Kathleen Nichols and Van Jacobson have published a paper describing a new network queue management algorithm that, it is hoped, will play a significant role in the solution to the bufferbloat problem. "CoDel (Controlled Delay Management) has three major innovations that distinguish it from prior AQMs. First, CoDel’s algorithm is not based on queue size, queue-size averages, queue-size thresholds, rate measurements, link utilization, drop rate or queue occupancy time. Starting from Van Jacobson’s 2006 insight, we used the local minimum queue as a more accurate and robust measure of standing queue. Then we observed that it is sufficient to keep a single-state variable of how long the minimum has been above or below the target value for standing queue delay rather than keeping a window of values to compute the minimum. Finally, rather than measuring queue size in bytes or packets, we used the packet-sojourn time through the queue. Use of the actual delay experienced by each packet is independent of link rate, gives superior performance to use of buffer size, and is directly related to the user-visible performance."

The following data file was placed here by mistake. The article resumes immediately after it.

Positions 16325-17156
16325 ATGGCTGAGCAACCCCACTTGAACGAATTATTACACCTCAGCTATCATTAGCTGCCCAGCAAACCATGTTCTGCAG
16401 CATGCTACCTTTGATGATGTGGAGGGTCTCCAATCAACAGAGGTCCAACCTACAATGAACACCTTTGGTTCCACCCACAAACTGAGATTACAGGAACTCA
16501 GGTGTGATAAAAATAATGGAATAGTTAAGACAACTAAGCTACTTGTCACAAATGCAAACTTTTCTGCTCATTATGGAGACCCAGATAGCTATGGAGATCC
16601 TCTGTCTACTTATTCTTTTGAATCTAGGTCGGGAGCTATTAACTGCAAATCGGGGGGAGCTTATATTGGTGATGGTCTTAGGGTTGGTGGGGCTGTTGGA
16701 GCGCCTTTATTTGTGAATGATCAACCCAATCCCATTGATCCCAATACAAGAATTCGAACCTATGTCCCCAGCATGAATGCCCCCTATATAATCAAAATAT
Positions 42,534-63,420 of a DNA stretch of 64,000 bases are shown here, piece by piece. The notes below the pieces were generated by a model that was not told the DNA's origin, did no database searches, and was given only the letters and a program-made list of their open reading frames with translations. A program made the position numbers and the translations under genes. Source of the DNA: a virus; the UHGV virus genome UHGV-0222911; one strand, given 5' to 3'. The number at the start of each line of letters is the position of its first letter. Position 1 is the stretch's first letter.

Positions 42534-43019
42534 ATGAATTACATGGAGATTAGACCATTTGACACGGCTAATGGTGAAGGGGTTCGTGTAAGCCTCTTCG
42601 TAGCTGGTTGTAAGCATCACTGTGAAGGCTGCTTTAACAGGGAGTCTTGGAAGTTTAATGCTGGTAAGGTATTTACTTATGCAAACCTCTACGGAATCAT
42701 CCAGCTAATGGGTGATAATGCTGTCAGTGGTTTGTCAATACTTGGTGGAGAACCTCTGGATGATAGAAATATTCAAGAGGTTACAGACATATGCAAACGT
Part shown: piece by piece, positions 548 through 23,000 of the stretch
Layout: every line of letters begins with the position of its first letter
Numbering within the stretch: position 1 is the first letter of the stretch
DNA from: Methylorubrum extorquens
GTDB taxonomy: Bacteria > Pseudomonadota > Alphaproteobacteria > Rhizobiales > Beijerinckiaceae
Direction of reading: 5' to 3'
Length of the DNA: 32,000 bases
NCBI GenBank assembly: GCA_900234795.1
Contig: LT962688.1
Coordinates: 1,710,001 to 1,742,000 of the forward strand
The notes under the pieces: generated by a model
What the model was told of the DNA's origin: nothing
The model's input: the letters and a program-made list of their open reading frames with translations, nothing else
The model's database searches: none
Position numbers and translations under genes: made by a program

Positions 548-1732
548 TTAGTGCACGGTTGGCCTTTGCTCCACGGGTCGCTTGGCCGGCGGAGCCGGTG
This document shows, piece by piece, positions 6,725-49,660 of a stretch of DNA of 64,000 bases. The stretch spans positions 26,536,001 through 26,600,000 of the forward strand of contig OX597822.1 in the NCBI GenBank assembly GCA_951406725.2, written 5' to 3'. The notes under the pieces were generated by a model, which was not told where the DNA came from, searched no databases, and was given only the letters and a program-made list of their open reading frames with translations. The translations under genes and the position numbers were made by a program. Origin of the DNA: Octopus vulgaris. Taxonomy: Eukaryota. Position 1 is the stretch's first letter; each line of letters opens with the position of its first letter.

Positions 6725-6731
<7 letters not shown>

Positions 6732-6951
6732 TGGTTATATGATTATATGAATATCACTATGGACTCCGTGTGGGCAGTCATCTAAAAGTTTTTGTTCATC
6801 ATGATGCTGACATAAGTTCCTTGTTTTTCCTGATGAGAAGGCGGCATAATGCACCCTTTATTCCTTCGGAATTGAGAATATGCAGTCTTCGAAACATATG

For more information, see this blog post from Jim Gettys. "A preliminary Linux implementation of CoDel written by Eric Dumazet and Dave Täht is now being tested on Ethernet over a wide range of speeds up to 10gigE, and is showing very promising results similar to the simulation results in Kathie and Van’s article. CoDel has been run on a CeroWrt home router as well, showing its performance."